London Metropolitan University: temporary reprieve for students

By Angela Harrison
Education correspondent, BBC News

image captionThe university lost its licence to recruit and teach overseas students

London Metropolitan University has been given permission to challenge a ban on its recruitment of overseas students.

The High Court also ruled that existing students with full immigration status should be allowed to continue their studies.

Last month the UK Border Agency took away the university's right to sponsor students for UK visas.

It said the university was not making proper checks.

About 2000 students were affected.

They were told they had to find alternative courses at other universities or leave the UK. Many were about to begin the second or third year of their courses.

The UK Border Agency is cracking down on alleged abuse of the student visa system and London Met was the first university to lose its right to sponsor students from outside of the European Union for their visas.

It said the university had failed to address "serious failings" in its system which had been identified more than six months ago.


At the High Court in London, Richard Gordon for London Met had said the issue "came down to fairness".

He said there was a strong case that the UKBA's decision was unlawful and a temporary injunction (suspension of the ban) should be granted, given the impact of the decision on the university and its students.

Mr Justice Irwin refused that request but did give the university permission to mount a full legal challenge in the form of a judicial review and made temporary orders protecting some students.

He said that existing overseas students and ones who are due to start this term would be allowed to start or continue as long as they were already in the UK and had full immigration status, pending a resolution of the issue.

And later on Friday evening the UK Border Agency agreed to allow "existing genuine students" to continue studying at the university "until their course has ended or the end of the academic year, whichever is soonest - as long as they meet the right standards".

A statement from the UKBA added: "But students who are here illegally and do not meet our immigration criteria will not be allowed to stay".

Mr Justice Irwin had earlier told the court the interests of the students needed to be taken in to account.

And referring to students whose visa status was in order, he had said: "I would be interested in respect of such students whether a concession could be made".

The UK Border Agency (UKBA) took away the university's "highly trusted status" at the end of August - meaning it can no longer recruit students from outside the European Union - in a crackdown on alleged abuse of the student visa system.

Overseas students staying more than a year count in the migration figures and the government has pledged to cut net migration to "tens of thousands".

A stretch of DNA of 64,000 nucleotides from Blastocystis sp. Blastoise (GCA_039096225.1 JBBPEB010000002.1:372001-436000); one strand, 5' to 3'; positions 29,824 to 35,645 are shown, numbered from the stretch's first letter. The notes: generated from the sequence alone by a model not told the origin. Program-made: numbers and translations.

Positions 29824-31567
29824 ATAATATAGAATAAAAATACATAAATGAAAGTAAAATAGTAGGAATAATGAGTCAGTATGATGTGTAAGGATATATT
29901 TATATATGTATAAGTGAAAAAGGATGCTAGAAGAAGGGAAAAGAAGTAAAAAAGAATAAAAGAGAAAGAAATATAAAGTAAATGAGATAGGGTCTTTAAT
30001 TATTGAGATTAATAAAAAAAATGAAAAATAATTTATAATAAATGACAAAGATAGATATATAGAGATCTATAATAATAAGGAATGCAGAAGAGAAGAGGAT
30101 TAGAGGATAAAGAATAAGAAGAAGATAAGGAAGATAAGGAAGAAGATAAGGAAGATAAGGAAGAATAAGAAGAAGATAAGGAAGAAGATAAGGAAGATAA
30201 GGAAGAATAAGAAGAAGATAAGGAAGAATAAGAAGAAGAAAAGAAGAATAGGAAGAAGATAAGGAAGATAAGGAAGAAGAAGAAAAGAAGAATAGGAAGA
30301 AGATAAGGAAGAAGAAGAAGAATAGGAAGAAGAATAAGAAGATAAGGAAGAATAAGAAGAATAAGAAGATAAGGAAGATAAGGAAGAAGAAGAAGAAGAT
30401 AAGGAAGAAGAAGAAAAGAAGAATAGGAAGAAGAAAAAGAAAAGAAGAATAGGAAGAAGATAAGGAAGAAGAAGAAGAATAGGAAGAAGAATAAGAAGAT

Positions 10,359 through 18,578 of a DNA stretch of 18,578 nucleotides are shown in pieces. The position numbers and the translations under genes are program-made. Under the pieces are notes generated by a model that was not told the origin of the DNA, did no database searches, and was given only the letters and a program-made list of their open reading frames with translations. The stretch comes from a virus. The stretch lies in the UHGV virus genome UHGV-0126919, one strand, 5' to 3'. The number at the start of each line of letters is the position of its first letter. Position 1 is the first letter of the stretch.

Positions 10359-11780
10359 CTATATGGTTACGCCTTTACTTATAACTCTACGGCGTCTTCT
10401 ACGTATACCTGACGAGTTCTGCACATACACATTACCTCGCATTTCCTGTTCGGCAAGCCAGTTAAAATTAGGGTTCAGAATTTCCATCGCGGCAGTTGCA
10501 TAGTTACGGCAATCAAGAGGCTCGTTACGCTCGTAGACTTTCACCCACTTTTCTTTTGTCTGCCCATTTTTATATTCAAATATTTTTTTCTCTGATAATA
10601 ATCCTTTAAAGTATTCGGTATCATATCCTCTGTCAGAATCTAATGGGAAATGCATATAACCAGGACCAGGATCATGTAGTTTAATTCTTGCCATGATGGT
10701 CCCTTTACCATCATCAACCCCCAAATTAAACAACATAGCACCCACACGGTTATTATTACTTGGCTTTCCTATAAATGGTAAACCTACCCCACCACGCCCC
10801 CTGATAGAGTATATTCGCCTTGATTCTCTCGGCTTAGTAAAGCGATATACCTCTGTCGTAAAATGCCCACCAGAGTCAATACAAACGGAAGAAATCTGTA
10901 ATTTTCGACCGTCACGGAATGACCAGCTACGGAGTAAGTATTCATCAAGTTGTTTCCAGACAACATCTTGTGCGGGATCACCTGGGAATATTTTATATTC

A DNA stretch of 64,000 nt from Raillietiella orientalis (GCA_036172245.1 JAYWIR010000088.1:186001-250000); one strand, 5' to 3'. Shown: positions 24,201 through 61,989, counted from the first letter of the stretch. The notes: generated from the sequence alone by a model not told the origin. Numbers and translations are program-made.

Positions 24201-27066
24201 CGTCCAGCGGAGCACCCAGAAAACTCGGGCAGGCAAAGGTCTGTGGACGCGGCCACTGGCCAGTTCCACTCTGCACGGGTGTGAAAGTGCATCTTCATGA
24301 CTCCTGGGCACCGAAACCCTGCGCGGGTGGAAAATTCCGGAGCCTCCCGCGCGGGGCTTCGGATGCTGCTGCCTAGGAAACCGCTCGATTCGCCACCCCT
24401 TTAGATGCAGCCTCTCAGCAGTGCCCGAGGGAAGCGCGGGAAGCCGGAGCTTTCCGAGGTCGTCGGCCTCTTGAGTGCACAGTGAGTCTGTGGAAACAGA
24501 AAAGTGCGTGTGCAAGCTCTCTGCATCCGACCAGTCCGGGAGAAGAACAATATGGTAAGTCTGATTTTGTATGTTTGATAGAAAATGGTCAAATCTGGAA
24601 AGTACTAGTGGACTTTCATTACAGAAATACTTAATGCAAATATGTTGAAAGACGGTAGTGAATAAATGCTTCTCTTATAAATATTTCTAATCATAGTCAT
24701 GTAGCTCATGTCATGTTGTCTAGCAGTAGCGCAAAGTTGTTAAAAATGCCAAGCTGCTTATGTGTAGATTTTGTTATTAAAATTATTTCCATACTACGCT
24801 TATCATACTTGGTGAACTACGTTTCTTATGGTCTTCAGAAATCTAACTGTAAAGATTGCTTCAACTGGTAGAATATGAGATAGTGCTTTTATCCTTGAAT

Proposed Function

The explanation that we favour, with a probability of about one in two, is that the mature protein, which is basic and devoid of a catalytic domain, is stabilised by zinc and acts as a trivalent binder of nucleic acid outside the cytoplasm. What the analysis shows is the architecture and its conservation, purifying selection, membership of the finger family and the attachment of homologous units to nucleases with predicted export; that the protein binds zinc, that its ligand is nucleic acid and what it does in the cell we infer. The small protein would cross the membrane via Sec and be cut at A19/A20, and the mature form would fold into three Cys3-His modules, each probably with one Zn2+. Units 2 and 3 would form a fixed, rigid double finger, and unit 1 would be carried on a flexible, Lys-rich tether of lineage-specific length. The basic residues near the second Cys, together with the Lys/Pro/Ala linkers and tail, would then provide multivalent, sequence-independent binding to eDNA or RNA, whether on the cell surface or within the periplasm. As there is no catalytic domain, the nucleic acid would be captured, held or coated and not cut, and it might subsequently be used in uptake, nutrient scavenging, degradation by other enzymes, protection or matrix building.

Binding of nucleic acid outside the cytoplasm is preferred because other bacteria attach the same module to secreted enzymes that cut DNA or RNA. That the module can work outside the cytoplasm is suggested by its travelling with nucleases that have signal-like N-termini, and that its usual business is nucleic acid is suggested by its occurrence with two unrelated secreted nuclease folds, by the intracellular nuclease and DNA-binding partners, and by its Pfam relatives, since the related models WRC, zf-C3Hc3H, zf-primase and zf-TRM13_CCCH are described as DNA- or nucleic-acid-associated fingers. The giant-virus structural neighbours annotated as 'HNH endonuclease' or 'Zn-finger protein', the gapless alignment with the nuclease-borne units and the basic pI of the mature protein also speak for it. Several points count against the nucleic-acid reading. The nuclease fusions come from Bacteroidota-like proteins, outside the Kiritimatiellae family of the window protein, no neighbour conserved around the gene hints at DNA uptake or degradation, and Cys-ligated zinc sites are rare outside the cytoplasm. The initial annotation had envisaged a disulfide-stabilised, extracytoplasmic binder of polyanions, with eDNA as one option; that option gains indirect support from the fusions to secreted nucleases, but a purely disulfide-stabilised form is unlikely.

'Huge implications'

The UK Border Agency has insisted the decision to revoke the visa sponsor licence was correct and says it will continue to fight the university's legal challenge.

In a sample of 101 students, it said, more than a quarter had no permission to be in the UK, while separate checks showed there was no proper evidence that some students spoke good enough English to be given a student visa.

Criticism was also made of the university's attendance checks.

In court, Lisa Giovannetti QC, for the Home Office, said London Met had not deliberately breached the regulations and had made attempts to put things right, but had been unable to do that effectively.

Outside the High Court the university's vice-chancellor, Professor Gillies said the judge's ruling was good for students, who had been hugely confused by the action of the UK Border Agency, and would allow the issue to be looked at in a "sober and serious way".

"It's an important issue and there are lessons for all to learn," he said.

'Other universities'

Last week the government pledged £2m to help students affected. A "task force" had been set up to help them find alternative courses.

Third year London Met student Donna Marie Winstanley, from Hong Kong, told the BBC News website she was pleased by the ruling.

"It's really good," she said.

"I have not applied to any other universities. I had a feeling that the university was going to win the case. Most of my classmates have already applied. I didn't want to pay any more money. I had already paid £16,000 in fees for my first two years."

Third year computer science student Ashiqur Rahman from Bangladesh said: "I am very happy if it's true that I can continue my studies at the university, but I am waiting for confirmation".

The National Union of Students has welcomed the ruling. It says the case has huge implications for international students in the UK and others thinking about coming to Britain to study and had asked to give evidence in the case.

Professor Eric Thomas, president of Universities UK (which represents university leaders), said: "This decision should allow some students to be able to finish their courses prior to the main legal proceedings, which is good news.

"This is, however, an opportunity to reflect on how immigration compliance in relation to international students is handled. We must remind ourselves of our duties to international students and ensure that, in future, legitimate individuals who have come to the UK in good faith are not forced to suffer the distress and uncertainty endured by many in recent weeks."

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